While it is not always well documented, there has been significant intergovernmental cooperation outside of the Arctic Council as well. Indeed the most important governance arrangements impacting the Arctic come from international, non-regional bodies: the 1982 U.N. Convention on the Law of the Sea (UNCLOS), which governs much of the use of the Arctic Ocean; and the International Maritime Organization, which concluded a mandatory Polar Code for ships operating in polar waters this year. Because these are legally binding conventions, they are much more effectual in terms of delimiting states’ actions.
Other major treaties that apply to the Arctic are: the Basel Convention on the Control of Transboundary Movements of Hazardous Wastes and their Disposal, the U.N. Framework Convention on Climate Change, the U.N. Convention on Biological Diversity, a broad range of conventions and other instruments adopted by the International Maritime Organization, the 1972 Convention on the Prevention of Marine Pollution by Dumping of Wastes and Other Matter and its 1996 Protocol, the Convention on International Trade in Endangered Species of Wild Fauna and Flora, the Stockholm Convention on Persistent Organic Pollutants, and the Ramsar Convention on Wetlands of International Importance.
Relevant non-binding instruments include the Declaration of Principles and Agenda 21 adopted by the 1992 U.N. Conference on Environment and Development in Rio de Janeiro, the Global Programme of Action for the Protection of the Marine Environment from Land-based Activities, and the 2002 World Summit on Sustainable Development and its Johannesburg Plan of Implementation. Some regional conventions are also relevant, including the Convention on the Protection of the Northeast Atlantic and the Convention on Future Multilateral Cooperation in the Northeast Atlantic Fisheries, both of which extend into the Arctic region.
In addition to this plethora of international agreements, several Arctic-specific fora have been established outside of the Arctic Council. For example, the Arctic Five – while not a formal body – concluded the Agreement on the Conservation of Polar Bears in 1973, and signed a Declaration to Prevent Unregulated Fishing in the Central Arctic Ocean in 2015. The UNCLOS provisions concerning extended continental shelf also especially concern the Arctic Five and they have agreed to the peaceful resolution of overlapping claims there as well, with the 2008 Ilulissat Declaration.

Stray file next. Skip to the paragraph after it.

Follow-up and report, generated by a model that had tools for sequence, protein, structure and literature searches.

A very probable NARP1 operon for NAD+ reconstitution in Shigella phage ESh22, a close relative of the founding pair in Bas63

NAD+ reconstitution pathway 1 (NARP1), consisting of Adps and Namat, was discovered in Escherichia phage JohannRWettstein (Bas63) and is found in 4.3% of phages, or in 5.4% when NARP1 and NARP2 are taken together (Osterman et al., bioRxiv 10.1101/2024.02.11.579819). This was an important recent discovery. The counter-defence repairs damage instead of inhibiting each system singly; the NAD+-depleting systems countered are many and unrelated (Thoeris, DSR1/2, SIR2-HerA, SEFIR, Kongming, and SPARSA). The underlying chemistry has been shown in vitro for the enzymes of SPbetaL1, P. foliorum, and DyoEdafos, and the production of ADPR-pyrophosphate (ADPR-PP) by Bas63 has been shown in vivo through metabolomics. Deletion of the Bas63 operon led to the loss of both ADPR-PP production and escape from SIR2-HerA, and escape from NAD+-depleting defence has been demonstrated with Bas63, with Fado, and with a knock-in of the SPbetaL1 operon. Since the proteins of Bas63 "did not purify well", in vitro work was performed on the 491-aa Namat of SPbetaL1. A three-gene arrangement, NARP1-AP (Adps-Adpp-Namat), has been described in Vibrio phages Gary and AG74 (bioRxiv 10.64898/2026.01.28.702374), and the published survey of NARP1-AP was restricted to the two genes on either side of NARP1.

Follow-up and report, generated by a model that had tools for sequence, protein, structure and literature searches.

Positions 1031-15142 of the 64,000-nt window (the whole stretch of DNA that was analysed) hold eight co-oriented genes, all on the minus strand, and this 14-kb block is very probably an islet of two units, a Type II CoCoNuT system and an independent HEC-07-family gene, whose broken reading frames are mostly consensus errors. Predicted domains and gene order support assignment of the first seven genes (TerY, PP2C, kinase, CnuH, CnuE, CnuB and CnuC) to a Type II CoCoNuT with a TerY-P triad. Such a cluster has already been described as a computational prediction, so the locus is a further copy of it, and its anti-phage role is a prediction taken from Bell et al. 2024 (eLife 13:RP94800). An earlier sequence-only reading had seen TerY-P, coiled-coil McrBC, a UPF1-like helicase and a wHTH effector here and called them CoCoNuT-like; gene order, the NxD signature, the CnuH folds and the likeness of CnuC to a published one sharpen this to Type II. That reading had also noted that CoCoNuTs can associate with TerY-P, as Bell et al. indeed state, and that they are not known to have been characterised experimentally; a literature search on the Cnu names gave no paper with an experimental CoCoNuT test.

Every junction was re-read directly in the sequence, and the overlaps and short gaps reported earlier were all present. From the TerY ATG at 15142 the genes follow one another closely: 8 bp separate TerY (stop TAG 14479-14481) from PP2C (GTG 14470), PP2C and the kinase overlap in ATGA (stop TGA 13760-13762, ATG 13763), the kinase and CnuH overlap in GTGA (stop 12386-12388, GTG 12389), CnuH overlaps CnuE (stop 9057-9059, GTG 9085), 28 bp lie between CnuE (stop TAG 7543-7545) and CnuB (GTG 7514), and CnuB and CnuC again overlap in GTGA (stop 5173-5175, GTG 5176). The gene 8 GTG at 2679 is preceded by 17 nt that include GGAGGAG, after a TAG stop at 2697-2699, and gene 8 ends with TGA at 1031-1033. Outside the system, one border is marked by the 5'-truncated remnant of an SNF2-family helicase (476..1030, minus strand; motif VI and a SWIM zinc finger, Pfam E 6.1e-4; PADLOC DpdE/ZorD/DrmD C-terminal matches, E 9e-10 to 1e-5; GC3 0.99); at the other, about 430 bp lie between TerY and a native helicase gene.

Also, the Arctic Economic Council was established at the behest of the Arctic Council; however, it is very deliberately an independent body with its own governing body, secretariat and mandate of facilitating Arctic business-to-business activities and responsible economic development.
And while it is true that the Arctic Council does not discuss military security, the Arctic states have met on those issues outside of the parameters of the Council. Two meetings of the staff of the Arctic chiefs of defense were held before Russia’s intervention into Crimea abandoned them. However, an Arctic Coast Guard Forum involving all eight Arctic states was established in October 2015, despite those broader geopolitical tensions.
A Web, Not a Pyramid
Articulating the Arctic Council’s limitations in regional governance is not the same as arguing that it is weak or insignificant. The Arctic Council has been critical in developing norms around regional peace and stability, fostering cooperation on establishing environmental regulations, and privileging the perspectives of local inhabitants, especially Indigenous peoples. It has also led to groundbreaking research on the Arctic environment, which continues to inform policy options of the Arctic states, collectively and individually. But it is important to understand what the Arctic Council can and cannot do in order to identify what governance needs should be filled by other players. And it is critical not to proscribe alternate fora seeking to deal with issues for which the Arctic Council is either not equipped or not mandated to address.
Arctic regional governance is best viewed as a web with the Arctic Council in the middle, not a pyramid with the Arctic Council at the top.
One of the most virtuous characteristics of Arctic politics has been the way in which cooperation is privileged and sought. It would be regrettable if the multitude of organizations and fora that are also concerned with Arctic governance were perceived as being in competition with one another, rather than pieces of the same puzzle working toward commonly held goals.
To that end, as Canadian policymakers prepare for the next phase of regional Arctic cooperation, it will be important to recognize and accept the Arctic Council’s limitations and seek to address the gaps through other fora. Environmental and ocean issues, which are inherently transboundary, will continue to be best managed at a regional level with broader international engagement. However, development issues and solutions, particularly with regard to infrastructure, transportation, large-scale resource exploitation, telecommunications and Arctic-focused research, will benefit from increasing subnational leadership and involvement. This level of governance is absent from many Arctic Council activities and should be promoted.
Other existing fora, such as the Arctic Five, the Arctic Coast Guard Forum, the Arctic Economic Council, and influential conferences such as the Arctic Circle and Arctic Frontiers, should continue to be embraced and developed. Canada should continue to reject claims that these fora are inherently competitive and ensure that communications between such groups are strong and that their activities do not overlap unnecessarily.
There is plenty of work in the Arctic to go around. The Arctic Council is, as it is often described, preeminent in the region, but there is no advantage to designating it as peerless.
The views expressed in this article are those of the author and may not reflect those of Arctic Deeply.
This piece originally appeared in “North of 60: Toward a Renewed Canadian Arctic Agenda,” and is reprinted here with permission. Read the full report here.